In a related development, beverage firm Diageo has strengthened its commitment to source key agricultural commodities directly from farmers rather than intermediary trading companies. Diageo reports that the move, which builds on an existing pledge to source 80% of its raw materials locally by 2020, will benefit at least 100,000 farmers in eight African countries. The announcement coincided with the United Nations’ World Soil Day, on 5 December. According to the UN’s Food and Agriculture Organisation, 33% of the world’s soil is degraded. This is a contributing factor to the 815 million people who are “food insecure”. The UN’s main agricultural body also notes that soil hold three times as much carbon as the atmosphere, meaning soil health is critical to the management of climate change.

CEOs feel pressure to take stand on ESG issues

Nike's advert featuring Colin Kaepernick won it Ad Age's Marketer of the Year 2018. (Credit: Nike)

MARKETING TEAMS, beware. The days of treading safely are on their way out. Today, consumers want their brands to get off the fence and take a stand on the issues that are important to them. Or, at least so the majority of corporate leaders appear to think. According to a new study by communications specialist 3BL Media and consultancy firm GlobeScan, 82% of corporate leaders believe companies have an obligation to speak out on environmental, social and governance (ESG) issues. Nor is it just consumer expectations that they are responding to.

In a tightening labour market, business leaders believe taking a stand on topical subjects gives them a better chance of recruiting and retaining top talent. Moreover, it is corporate leaders themselves that are increasingly expected to take the stump, not the corporate machine that they oversee. According to GlobeScan/3BL Media’s research, 62% of those interviewed felt that advocacy by individual chief executives would grow in the next 18 months.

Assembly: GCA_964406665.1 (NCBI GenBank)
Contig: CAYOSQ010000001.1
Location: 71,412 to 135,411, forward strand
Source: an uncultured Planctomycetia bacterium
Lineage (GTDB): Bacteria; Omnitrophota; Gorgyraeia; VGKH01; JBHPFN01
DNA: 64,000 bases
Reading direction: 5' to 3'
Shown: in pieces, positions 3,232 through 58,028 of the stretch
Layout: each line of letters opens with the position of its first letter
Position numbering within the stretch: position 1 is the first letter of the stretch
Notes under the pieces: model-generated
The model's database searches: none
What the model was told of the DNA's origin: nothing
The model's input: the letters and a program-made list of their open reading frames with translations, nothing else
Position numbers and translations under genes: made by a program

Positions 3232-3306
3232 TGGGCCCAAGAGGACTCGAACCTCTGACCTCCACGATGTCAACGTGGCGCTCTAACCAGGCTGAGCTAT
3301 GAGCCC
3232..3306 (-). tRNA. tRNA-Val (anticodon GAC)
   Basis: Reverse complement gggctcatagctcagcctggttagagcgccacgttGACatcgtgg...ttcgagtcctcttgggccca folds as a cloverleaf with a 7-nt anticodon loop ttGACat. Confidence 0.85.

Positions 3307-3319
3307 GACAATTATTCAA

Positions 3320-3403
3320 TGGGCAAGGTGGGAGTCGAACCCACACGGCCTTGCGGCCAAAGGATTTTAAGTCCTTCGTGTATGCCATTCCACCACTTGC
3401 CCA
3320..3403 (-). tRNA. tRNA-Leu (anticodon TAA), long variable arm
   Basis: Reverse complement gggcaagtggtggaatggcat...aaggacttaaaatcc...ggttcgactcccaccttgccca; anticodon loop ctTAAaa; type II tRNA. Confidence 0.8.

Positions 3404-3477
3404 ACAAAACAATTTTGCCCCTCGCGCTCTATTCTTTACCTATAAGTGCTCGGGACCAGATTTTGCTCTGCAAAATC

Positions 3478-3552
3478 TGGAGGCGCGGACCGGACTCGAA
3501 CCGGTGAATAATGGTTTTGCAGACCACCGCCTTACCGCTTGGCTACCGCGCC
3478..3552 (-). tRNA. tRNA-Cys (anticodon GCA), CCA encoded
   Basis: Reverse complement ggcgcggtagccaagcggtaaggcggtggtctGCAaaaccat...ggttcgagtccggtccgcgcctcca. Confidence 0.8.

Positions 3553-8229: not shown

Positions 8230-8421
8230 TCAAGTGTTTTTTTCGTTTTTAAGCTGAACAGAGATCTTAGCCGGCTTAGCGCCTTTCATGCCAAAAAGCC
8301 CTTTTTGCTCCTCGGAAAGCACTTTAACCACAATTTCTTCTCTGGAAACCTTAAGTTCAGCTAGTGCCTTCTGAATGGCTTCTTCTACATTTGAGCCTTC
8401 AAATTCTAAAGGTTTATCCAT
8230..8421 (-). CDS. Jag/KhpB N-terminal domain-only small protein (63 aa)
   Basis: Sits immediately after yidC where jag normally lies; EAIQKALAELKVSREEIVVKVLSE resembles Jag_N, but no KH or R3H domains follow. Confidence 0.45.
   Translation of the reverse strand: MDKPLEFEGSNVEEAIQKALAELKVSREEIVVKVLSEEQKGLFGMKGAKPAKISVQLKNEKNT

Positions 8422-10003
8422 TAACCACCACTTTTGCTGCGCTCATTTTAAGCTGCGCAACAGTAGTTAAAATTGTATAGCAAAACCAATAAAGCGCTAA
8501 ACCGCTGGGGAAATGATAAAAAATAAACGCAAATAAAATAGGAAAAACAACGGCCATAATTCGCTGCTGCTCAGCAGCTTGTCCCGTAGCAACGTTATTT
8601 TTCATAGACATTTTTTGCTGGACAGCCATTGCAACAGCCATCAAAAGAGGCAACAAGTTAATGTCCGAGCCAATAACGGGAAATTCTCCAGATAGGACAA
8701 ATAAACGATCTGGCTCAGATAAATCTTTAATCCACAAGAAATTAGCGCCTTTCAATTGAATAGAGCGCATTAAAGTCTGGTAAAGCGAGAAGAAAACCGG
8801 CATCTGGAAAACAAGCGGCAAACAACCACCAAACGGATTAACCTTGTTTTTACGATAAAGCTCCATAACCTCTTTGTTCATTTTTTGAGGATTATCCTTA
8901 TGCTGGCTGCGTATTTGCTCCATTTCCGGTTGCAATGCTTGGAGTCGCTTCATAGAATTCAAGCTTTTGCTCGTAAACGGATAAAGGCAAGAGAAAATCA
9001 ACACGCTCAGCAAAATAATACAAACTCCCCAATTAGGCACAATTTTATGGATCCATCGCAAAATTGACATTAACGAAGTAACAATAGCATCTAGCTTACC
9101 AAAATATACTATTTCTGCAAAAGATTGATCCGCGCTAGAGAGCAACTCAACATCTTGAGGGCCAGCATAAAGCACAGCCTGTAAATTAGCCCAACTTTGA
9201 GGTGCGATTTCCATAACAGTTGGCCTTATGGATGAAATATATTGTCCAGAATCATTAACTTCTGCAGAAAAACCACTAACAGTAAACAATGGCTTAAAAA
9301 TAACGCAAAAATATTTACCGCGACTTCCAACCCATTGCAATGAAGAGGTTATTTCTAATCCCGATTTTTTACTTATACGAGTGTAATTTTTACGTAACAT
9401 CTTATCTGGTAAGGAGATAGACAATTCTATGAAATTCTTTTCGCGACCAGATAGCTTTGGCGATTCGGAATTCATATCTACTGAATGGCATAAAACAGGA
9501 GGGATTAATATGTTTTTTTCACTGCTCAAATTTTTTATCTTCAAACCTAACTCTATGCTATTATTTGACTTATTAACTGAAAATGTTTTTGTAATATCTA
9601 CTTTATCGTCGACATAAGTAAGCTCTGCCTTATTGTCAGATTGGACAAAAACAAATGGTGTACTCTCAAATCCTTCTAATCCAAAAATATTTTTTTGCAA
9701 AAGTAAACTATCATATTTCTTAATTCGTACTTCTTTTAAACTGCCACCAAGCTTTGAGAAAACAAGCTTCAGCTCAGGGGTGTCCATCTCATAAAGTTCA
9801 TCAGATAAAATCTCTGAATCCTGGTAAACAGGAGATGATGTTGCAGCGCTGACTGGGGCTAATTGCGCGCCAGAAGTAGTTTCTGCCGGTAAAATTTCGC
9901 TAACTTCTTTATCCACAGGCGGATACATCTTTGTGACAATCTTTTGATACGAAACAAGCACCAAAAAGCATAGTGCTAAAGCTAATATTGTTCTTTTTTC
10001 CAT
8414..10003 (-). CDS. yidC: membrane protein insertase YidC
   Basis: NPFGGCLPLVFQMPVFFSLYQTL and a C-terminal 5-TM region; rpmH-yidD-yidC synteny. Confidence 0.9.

The findings reflect a growing trend among leading brands. Take Nike. A long-standing trendsetter in all things marketing, the iconic US sportswear brand has just been crowned Ad Age’s Marketer of the Year 2018. Nike was picked out for the coveted award for its campaign with Colin Kaepernick, the NFL star who knelt during the national anthem to highlight racial inequalities in the US. The brand’s high-profile campaign kicked off with the tweet “Believe in something, even if it means sacrificing everything”. The company’s net income for the third quarter (when the campaign ran) jumped to $1.1bn, up 15% on the same period in 2017, while its online sales jumped by 31% in the three days immediately after the Kaepernick advert first ran.

Rose Marcario, CEO of Patagonia, which describes itself as an activist company. (Credit: Patagonia)

Another global brand that has never been shy of wearing its principles on its sleeve is Patagonia. Famous for its Black Friday stunt in 2011, when it took out a full-page advert in the New York Times saying ‘Don’t Buy This Jacket’, the US outdoor clothing firm recently courted headlines again for donating $10m to environmental causes. Described as an “urgent gift to the planet”, the donation provoked comment because it represented the money saved from President Donald Trump’s decision to reduce corporate tax levels. Rose Marcario, the chief executive of Patagonia, which describes itself as an activist company, used the occasion to describe the cuts as “irresponsible”. Since 1985, Patagonia has given $89m to various grassroots environmental groups and actively encourages its customers to campaign on green issues through its Patagonia Action Works initiative. Among the campaigns it is currently supporting are the prevention of oil and gas exploration in Alaska and a ban on offshore drilling.